When you're a member of one of the worst defenses in the NFL,
camaraderie can be hard to come by. So when someone suggested
early in the season that the Washington Redskins' defensive
players get together every Thursday for dinner and some
much-needed bonding, the response was underwhelming. Any player
who didn't show up, however, was designated as a Buster, a title
that veteran cornerback Darrell Green originally gave to players
who were late for meetings or didn't practice hard last season.
For two days after missing the defense's night out, Busters got
the silent treatment from the other defensive coaches and players
and were awarded a placard or a plastic cup bearing a message
such as: FOR THE MAN WHO SPELLS TEAM WITH AN I.
During the season, as the defense slowly improved, so too did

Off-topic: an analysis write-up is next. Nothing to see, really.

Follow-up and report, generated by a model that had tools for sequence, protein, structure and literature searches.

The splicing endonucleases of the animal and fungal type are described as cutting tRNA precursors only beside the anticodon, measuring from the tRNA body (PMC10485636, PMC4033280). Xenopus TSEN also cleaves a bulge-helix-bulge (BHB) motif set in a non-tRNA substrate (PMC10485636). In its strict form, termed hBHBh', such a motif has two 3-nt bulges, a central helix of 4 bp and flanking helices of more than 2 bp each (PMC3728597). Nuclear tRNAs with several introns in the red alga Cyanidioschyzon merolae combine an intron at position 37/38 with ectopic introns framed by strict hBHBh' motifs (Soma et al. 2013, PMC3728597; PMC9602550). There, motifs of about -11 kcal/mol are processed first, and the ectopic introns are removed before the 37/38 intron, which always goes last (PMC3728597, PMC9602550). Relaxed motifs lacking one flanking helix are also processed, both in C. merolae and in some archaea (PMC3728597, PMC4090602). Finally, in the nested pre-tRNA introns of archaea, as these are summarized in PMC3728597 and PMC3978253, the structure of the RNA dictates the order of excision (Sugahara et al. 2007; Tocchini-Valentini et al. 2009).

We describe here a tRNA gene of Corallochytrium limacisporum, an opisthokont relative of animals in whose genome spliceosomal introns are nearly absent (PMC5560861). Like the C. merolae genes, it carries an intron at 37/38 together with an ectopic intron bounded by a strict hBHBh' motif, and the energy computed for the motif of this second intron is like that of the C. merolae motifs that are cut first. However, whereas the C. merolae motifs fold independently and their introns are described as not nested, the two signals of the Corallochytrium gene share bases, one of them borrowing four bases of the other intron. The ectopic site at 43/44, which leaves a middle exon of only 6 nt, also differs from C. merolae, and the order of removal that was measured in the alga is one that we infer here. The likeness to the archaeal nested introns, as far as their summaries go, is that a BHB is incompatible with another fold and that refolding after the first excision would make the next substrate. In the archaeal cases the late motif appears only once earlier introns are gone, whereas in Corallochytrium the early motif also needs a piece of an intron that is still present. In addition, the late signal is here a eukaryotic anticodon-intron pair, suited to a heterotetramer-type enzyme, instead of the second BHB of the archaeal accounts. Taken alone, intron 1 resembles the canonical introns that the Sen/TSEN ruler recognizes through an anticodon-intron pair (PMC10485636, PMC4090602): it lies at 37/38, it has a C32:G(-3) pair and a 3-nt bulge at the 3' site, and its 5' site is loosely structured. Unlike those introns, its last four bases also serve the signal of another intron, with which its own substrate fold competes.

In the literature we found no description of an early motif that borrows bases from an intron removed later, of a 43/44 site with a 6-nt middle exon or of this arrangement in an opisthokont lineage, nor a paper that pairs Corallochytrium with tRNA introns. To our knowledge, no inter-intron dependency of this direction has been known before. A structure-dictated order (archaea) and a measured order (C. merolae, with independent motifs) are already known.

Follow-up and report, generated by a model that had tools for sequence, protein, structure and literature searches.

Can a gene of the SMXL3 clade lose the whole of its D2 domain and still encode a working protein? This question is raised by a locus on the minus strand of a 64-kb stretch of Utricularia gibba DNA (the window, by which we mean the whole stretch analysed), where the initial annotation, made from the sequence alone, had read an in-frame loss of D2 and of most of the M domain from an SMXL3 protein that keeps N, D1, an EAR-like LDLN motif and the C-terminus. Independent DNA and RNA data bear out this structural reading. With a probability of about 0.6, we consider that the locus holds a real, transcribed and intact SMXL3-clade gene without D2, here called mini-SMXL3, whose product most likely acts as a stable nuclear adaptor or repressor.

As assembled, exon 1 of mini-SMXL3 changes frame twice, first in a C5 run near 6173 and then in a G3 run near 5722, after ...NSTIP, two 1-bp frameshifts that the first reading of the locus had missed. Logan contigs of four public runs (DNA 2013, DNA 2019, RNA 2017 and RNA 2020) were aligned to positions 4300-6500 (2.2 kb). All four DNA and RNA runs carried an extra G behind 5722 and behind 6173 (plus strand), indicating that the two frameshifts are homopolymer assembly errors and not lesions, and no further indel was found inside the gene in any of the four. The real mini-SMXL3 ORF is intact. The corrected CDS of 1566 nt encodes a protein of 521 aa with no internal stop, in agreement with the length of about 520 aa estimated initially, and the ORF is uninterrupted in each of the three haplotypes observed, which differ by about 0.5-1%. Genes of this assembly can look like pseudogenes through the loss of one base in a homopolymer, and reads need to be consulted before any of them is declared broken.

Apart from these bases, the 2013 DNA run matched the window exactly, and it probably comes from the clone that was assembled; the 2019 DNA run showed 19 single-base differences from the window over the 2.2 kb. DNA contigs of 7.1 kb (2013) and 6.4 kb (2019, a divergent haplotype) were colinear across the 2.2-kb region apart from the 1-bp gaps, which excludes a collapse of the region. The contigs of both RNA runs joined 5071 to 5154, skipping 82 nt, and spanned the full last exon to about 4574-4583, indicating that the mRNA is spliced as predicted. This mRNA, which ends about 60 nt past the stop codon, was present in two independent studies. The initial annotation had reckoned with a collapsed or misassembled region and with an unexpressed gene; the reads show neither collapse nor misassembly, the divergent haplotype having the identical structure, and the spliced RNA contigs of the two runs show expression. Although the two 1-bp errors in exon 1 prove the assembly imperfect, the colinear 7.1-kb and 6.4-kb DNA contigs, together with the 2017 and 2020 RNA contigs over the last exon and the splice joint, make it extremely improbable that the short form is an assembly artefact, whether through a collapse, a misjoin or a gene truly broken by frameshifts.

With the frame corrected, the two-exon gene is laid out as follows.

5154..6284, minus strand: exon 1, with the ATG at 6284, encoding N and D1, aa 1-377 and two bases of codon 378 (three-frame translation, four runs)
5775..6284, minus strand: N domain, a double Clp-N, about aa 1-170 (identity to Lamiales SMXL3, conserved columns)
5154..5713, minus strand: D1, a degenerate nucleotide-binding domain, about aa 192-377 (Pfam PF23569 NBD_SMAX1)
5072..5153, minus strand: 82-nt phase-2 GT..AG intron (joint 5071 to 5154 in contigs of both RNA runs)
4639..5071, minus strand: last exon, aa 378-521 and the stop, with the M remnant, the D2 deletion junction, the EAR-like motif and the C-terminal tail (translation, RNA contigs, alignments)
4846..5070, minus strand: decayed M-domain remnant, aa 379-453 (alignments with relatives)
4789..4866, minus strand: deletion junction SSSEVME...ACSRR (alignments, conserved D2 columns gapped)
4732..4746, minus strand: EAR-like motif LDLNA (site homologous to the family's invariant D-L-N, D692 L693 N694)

attendance at the Thursday night dinner. Based on the way the
Redskins played last Saturday in a 27-13 NFC wild-card playoff
win over the Detroit Lions, this week's get-together might pack
the house. In its first postseason appearance in seven seasons
Washington feasted on the Lions, keeping Detroit quarterback Gus
Frerotte under wraps and springing running back Stephen Davis for
119 yards and two touchdowns on 15 carries before he had to leave
the game with a sprained right knee.
The Redskins will face the Tampa Bay Buccaneers in Tampa on
Saturday with a berth in the NFC Championship Game on the line.
"We all wish we had been playing better defense all along," says
rookie cornerback Champ Bailey, whose first-quarter interception
set up a Washington field goal. "But we've stepped up and helped
this team win games when it really counts."
During the regular season Washington ranked ahead of only the
expansion Cleveland Browns in defense, allowing 357 yards a game.
That stat, and new owner Daniel Snyder's itchy trigger finger,
could lead to the dismissal of defensive coordinator Mike Nolan
after the season. But last Saturday, Nolan's defense battered and
baffled the Lions, who had embarrassed Washington 33-17 on Dec.
5. Redskins outside linebacker Greg Jones set the tone when he